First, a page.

The Civil War (1990): Ken Burns is to American documentary what Ozu is to Japanese cinema. That is: he’s the master. Any of his films could have made this list (Jazz, Baseball, The War, etc) but I think the 11-hour Civil War is perhaps his most momentous achievement. And what is more American than The Civil War? See also: Baseball (1994).

Hoop Dreams (1994): This is the Citizen Kane of American documentary, in my opinion. It follows two young basketball stars in inner city Chicago over a five year period as they aspire to get college scholarships and make their NBA dreams a reality. It’s a film about much more than basketball, however. It’s about the American dream and the unfortunate systemic issues that keep that dream at bay for so many people. See also: American Teen (2008).

On the Ropes (1999): Before last year’s American Teen, Nanette Burstein made this amazing, intimate documentary about three young boxers and their trainer in New York City. In many ways it’s like Hoop Dreams: Boxing, dealing with similar issues of class and race and the American dream. See also: When We Were Kings (1996).

Spellbound (2003): A compelling narrative of 8 kids in the running to win at the 1999 National Spelling Bee in Washington D.C. It’s a film about competition, diligence, diversity, upward mobility, class, race, and a lot of American other things. See also: Mad Hot Ballroom (2003).

The Fog of War (2003): Errol Morris is one of the best American documentarians, and this film—a psychological portrait of former secretary of defense Robert McNamara—is a great biographical film about a figure that looms large over 20th Century American history. See also: Standard Operating Procedure (2008).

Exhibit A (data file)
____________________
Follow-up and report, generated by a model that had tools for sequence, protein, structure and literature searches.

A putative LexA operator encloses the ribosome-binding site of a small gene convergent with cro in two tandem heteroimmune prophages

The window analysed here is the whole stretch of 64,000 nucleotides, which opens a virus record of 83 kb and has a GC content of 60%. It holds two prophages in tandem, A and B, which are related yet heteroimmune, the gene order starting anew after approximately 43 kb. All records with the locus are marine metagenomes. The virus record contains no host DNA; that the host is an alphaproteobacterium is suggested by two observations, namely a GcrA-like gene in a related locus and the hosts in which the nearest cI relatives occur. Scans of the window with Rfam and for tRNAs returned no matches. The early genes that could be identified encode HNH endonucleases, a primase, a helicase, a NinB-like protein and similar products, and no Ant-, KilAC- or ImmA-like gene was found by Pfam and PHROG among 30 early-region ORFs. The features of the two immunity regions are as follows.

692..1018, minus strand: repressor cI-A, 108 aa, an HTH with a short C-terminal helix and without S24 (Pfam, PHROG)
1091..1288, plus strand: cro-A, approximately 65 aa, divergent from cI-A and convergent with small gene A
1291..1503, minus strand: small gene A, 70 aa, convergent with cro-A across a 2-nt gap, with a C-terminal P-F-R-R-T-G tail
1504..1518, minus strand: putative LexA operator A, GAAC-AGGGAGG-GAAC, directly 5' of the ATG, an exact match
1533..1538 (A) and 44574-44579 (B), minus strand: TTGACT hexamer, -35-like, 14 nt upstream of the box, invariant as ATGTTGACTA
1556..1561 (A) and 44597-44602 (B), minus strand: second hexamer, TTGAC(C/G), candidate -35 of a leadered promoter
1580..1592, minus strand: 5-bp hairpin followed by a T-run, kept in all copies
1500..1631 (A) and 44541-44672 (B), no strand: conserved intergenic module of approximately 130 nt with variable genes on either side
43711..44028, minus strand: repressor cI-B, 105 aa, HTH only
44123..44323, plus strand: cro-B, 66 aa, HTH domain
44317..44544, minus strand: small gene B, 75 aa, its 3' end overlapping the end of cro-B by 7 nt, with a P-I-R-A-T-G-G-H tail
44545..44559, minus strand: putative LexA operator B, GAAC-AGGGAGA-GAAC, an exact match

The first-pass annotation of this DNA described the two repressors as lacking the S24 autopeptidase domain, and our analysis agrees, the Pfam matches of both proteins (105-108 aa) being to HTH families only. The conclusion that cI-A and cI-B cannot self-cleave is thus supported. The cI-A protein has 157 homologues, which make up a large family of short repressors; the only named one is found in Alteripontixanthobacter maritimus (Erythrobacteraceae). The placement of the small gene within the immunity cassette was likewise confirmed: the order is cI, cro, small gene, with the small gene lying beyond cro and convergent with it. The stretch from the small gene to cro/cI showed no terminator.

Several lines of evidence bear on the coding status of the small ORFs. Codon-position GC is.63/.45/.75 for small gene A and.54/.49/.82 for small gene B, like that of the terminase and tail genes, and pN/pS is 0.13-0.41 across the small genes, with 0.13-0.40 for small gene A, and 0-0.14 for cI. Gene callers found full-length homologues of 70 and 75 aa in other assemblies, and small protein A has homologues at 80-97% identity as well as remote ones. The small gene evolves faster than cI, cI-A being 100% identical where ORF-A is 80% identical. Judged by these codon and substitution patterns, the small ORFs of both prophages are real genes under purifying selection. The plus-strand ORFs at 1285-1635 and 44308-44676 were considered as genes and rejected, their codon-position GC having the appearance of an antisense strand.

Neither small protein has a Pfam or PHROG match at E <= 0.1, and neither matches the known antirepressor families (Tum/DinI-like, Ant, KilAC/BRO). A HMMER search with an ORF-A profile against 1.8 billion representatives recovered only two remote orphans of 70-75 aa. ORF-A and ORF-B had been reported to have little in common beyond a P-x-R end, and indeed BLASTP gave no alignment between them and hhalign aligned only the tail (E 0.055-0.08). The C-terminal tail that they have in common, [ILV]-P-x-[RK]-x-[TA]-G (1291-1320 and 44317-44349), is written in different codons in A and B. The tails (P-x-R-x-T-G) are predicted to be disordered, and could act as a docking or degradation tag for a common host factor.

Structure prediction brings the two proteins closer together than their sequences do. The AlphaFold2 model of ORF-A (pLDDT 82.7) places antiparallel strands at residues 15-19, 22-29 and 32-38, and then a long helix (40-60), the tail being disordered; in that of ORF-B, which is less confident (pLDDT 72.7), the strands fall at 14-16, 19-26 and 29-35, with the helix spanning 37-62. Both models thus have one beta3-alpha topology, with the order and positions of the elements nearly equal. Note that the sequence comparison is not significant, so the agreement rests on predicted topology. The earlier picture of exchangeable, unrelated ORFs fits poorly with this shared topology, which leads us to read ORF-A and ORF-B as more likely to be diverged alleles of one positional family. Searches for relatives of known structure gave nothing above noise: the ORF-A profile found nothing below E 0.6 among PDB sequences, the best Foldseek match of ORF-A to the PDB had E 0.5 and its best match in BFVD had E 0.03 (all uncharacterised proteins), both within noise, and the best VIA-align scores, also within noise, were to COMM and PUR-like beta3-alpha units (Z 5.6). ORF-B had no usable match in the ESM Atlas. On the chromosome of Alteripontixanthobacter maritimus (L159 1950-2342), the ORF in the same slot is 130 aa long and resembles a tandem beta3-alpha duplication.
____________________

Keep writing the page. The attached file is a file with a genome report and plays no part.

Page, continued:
The King of Kong (2007): This is a fun documentary about nerdy middle-aged “gamers” and their obsession with world records, but it is also one of the most profound cinematic microcosms of Americana to hit the screen in recent years. See also: Murderball (2005).

Dear Zachary: A Letter to a Son About His Father

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Dear Zachary is a documentary by an average guy—Kurt Kuenne—who set out to make an homage film about his best friend who was tragically murdered. It’s not an average film. It’s a masterpiece that had me in tears pretty much start-to-finish. I haven’t been as punched-in-the-gut wrecked by a movie since the last 20 minutes of United 93. Dear Zachary came out in 2008 and would have made my top ten list for sure. It’s now out on DVD and available to “Watch Now” on Netflix. WATCH IT NOW. But beware: it is relentlessly affecting.

This is a film that never makes a false move, and although it is ridiculously emotional, it is resolutely not a manipulative film. I kept trying to figure out what Kuenne was doing to elicit my uncontrollable emotion. Was it the music? The editing? The constantly crying talking heads? It was all of this, but mostly it was the film’s subject matter.

Dear Zachary is a film about injustice. It’s about legal injustice, moral injustice, and existential injustice. The latter of the three is the hardest to deal with. It’s perhaps what makes this film so hard to watch. The story of Dear Zachary is the tragedy of Andrew Bagby, a much beloved average Joe who was suddenly murdered by an ex-girlfriend who was pregnant with his baby. The baby—Zachary—never gets the chance to meet his father, which is the reason why Kuenne made the film: as a preservation of the legacy of Andrew Bagby for the son who will never know him. In a way, though, it’s a film about all of us. Andrew Bagby could be any of our friends, our sons, our uncles, our fathers or friends… He could be us. The film is about the injustice of death. The awkward and jolting suddenness of a life extinguished. And we are all way too familiar with this.